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Photo: Mustafa Yalcin/Anadolu Agency/Getty Images

A team of lawyers from the conservative Federalist Society, organized by Kellyanne Conway's husband George Conway, have formed a group dedicated to highlighting the Trump administration's perceived flouting of constitutional and legal norms, reports the New York Times.

Details: The formation of the group, called Checks and Balances, came ahead of the start of the Federalist Society's annual convention. The Federalist Society has taken on a leading role in the Trump administration's move to reshape the nation's federal courts. In a statement, the 14 lawyers who formed Checks and Balances say that they "believe in the rule of law, the power of the truth, the independence of the criminal justice system, the imperative of individual rights, and the necessity of civil discourse. ... We seek to provide a voice and a network for like-minded attorneys to discuss these ideas."

Go deeper

Senate retirements could attract GOP troublemakers

Sen. Roy Blunt (R-Mo.). Photo: Jim Lo Scalzo/EPA/Bloomberg via Getty Images

Sen. Roy Blunt's retirement highlights the twin challenge facing Senate Republicans: finding good replacement candidates and avoiding a pathway for potential troublemakers to join their ranks.

Why it matters: While the midterm elections are supposed to be a boon to the party out of power, the recent run of retirements — which may not be over — is upending that assumption for the GOP in 2022.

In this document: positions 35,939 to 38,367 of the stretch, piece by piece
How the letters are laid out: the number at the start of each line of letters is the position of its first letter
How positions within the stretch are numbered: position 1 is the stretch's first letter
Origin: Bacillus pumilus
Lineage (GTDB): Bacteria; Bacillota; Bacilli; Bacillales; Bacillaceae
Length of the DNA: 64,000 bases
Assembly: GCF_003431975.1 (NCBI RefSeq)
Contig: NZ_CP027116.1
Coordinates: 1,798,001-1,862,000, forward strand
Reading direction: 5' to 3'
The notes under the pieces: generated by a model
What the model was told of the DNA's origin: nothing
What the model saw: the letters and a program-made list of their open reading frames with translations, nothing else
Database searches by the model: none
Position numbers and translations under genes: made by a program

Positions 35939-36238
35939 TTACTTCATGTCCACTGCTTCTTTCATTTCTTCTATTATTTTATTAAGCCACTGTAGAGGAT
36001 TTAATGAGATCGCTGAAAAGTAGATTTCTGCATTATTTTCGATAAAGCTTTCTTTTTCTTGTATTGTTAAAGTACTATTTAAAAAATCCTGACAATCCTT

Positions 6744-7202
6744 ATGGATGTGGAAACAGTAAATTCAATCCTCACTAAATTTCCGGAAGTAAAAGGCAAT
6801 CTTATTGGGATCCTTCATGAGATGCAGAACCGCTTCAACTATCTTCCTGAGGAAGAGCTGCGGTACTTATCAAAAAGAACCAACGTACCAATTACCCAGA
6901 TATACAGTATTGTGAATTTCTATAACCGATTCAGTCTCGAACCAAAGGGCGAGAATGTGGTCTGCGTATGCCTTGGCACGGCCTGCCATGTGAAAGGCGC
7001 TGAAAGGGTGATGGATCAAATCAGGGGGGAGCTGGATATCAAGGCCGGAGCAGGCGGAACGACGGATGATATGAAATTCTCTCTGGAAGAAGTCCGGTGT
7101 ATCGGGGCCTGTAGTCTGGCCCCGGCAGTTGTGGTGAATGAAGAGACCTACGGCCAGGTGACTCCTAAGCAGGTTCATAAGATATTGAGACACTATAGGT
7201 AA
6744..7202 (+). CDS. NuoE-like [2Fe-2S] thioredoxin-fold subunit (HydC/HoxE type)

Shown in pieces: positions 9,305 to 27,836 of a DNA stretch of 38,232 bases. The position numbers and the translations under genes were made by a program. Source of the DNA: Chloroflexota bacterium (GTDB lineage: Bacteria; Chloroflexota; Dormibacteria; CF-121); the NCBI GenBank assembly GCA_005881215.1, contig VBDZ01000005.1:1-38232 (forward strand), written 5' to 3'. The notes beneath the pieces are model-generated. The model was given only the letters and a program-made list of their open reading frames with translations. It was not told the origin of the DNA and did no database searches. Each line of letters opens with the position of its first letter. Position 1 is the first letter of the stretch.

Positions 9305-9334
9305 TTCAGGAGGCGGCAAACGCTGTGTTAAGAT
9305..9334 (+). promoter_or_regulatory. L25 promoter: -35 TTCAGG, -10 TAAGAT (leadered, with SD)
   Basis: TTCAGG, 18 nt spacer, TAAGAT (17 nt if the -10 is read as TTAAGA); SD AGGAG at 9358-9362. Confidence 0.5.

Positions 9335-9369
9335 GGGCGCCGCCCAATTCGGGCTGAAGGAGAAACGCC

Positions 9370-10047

Congressional diversity growing - slowly

Data: Brookings Institution and Pew Research Center; Note: No data on Native Americans in Congress before the 107th Congress; Chart: Danielle Alberti/Axios

The number of non-white senators and House members in the 535-seat Congress has been growing steadily in the past several decades — but representation largely lags behind the overall U.S. population.

Why it matters: Non-whites find it harder to break into the power system because of structural barriers such as the need to quit a job to campaign full time for office, as Axios reported in its latest Hard Truths Deep Dive.

Staff for retiring Senate Republicans a K Street prize

Illustration: Eniola Odetunde/Axios

The retirements of high-profile Senate Republicans mean a lot of experienced staffers will soon be seeking new jobs, and Washington lobbying and public affairs firms are eyeing a potential glut of top-notch talent.

Why it matters: Roy Blunt is the fifth Republican dealmaker in the Senate to announce his retirement next year. Staffers left behind who can navigate the upper chamber of Congress will be gold for the city’s influence industry.